Setup a simple CI pipeline to build Docker images for ARM

Recently I did an experiment: Can we build Docker images for ARM on ordinary cloud CI services that only provide Intel CPU’s?

The idea was to get rid of self hosted CI build agents that you have to care for. If you want to provide an ARM Docker image for an open source project your task is to build it and not to setup and maintain a whole pipeline for it.

GitHub + YAML = ARM Docker image


We at Hypriot have created several Dockerfiles for open source tools like MySQL, Træfɪk or Node.js to make them available as Docker images for your ARM devices.

Building such images and maintaining them over a longer period of time you have to care for updates. We are happy to receive pull requests from our community that help us updating the Dockerfiles. But sometimes it happended that our ARM CI pipeline went offline and we had to put in some time and effort to fix it. There were pull requests lying around for some time without any CI checks.

To get out of this trap I wanted a simpler CI pipeline without self hosted build agents. There are several cloud CI services like Travis, Codeship, Circle and so on, but they all only offer you Intel based CPU’s.

But they have one thing in common: Just add a YAML file to your GitHub repo, connect it to their CI servers and you are done. There must be a way to use this convenient way for our ARM builds.

QEMU for the rescue

There are some blog posts how to use QEMU to emulate ARM on Intel CPU’s and many have even tried to build Docker images. I followed these tutorials, but many steps were needed to set up everything and it looked very complex.

But after some hours of investigation I found out that all comes down to just two things:

  1. An Intel binary of QEMU for ARM must exist in the base Docker image
  2. The QEMU binary must be registered in the CI build agent

Fortunately both steps can be done in a very simple way.

Choose a base image with QEMU binary

The Raspbian Docker images from Resin already have the QEMU binary in it. As these are the most common base images used you are already prepared.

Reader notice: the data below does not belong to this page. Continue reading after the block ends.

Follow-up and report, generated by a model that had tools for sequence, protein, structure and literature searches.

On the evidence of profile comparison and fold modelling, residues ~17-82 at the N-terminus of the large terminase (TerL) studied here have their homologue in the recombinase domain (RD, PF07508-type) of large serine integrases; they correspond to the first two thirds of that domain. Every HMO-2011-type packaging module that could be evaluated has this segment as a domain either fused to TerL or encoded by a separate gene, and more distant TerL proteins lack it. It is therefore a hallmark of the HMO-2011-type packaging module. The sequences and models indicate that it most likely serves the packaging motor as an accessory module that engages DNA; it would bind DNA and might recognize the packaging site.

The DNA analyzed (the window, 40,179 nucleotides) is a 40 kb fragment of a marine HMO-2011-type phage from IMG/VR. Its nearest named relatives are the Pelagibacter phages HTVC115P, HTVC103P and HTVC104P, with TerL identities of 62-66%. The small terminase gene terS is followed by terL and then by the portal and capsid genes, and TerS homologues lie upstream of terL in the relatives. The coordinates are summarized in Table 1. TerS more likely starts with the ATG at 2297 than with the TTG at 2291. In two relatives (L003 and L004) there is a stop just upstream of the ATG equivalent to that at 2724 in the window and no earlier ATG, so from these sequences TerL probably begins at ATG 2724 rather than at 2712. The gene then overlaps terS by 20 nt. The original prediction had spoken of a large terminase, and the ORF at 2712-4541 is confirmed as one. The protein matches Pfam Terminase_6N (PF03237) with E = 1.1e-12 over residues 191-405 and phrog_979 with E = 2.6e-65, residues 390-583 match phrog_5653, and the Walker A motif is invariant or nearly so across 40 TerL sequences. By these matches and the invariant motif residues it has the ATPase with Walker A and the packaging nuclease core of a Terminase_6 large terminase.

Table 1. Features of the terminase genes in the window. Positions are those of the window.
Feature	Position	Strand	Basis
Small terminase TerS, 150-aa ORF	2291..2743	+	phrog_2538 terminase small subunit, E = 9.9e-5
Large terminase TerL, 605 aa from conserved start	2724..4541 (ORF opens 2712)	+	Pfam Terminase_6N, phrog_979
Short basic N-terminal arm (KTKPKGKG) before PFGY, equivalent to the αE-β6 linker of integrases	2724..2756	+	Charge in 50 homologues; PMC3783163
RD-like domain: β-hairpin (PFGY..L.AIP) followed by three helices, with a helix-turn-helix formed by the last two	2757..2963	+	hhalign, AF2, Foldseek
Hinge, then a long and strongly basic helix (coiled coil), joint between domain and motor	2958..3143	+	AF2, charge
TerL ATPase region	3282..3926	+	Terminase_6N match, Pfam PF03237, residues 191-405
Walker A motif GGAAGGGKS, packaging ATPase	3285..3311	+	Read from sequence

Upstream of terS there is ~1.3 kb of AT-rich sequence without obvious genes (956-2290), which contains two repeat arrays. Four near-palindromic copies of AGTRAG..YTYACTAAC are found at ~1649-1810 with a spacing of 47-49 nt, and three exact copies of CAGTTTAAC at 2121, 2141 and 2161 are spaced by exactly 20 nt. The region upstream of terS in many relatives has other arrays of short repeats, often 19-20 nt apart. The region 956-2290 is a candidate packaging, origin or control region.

So if you use the following line in your Dockerfile

FROM resin/rpi-raspbian

you are done with the first step. But what about Alpine? Well we have created a similar - still small - Docker image hypriot/rpi-alpine that uses the “official” armhf/alpine image and just append the QEMU binary. If you want to build ARM Alpine images just use this line:

FROM hypriot/rpi-alpine

Register QEMU in the build agent

The next step is to register QEMU in the build agent. There is a Docker image available that can do this for us in just one line:

docker run --rm --privileged multiarch/qemu-user-static:register --reset

That’s it. Just add this line to your YAML file before the other docker commands.

Travis builds MySQL ARM image

I have done the tests with Travis CI to build ARM images. But if you prefer another cloud CI services that offers Docker builds, it should be the same.

So let’s put all pieces together and have a look at the final .travis.yml file that is used to build the hypriot/rpi-mysql Docker image for ARM.

sudo: required
- docker
language: bash
# prepare qemu
- docker run --rm --privileged multiarch/qemu-user-static:register --reset
# build image
- docker build -t hypriot/rpi-mysql .
# test image
- docker run hypriot/rpi-mysql mysql --version
# push image
- >
  if [ "$TRAVIS_BRANCH" == "master" ] && [ "$TRAVIS_PULL_REQUEST" == "false" ]; then
    docker login -u="$DOCKER_USER" -p="$DOCKER_PASS"
    TAG=$(grep "ENV MYSQL_VERSION" Dockerfile | awk 'NF>1{print $NF}')
    docker tag hypriot/rpi-mysql hypriot/rpi-mysql:$TAG
    docker push hypriot/rpi-mysql:$TAG
    docker push hypriot/rpi-mysql

The only difference to an Intel build is to just register QEMU here. The rest is activating Docker builds and do a simple docker build, test, push of that image.


You only have to remember two things to let the cloud build your ARM images:

  1. FROM resin/rpi-raspbian
  2. docker run --rm --privileged multiarch/qemu-user-static:register --reset

We are using this setup for more and more GitHub repos to gain speed and respond to pull requests much faster.

For example we also are using matrix builds for all major versions of Node.js to build new Docker images with Travis.

Feedback, please

As always use the comments below to give us feedback and share it on Twitter or Facebook.

Please send us your feedback on our Gitter channel or tweet your thoughts and ideas on this project at @HypriotTweets.

Stefan @stefscherer

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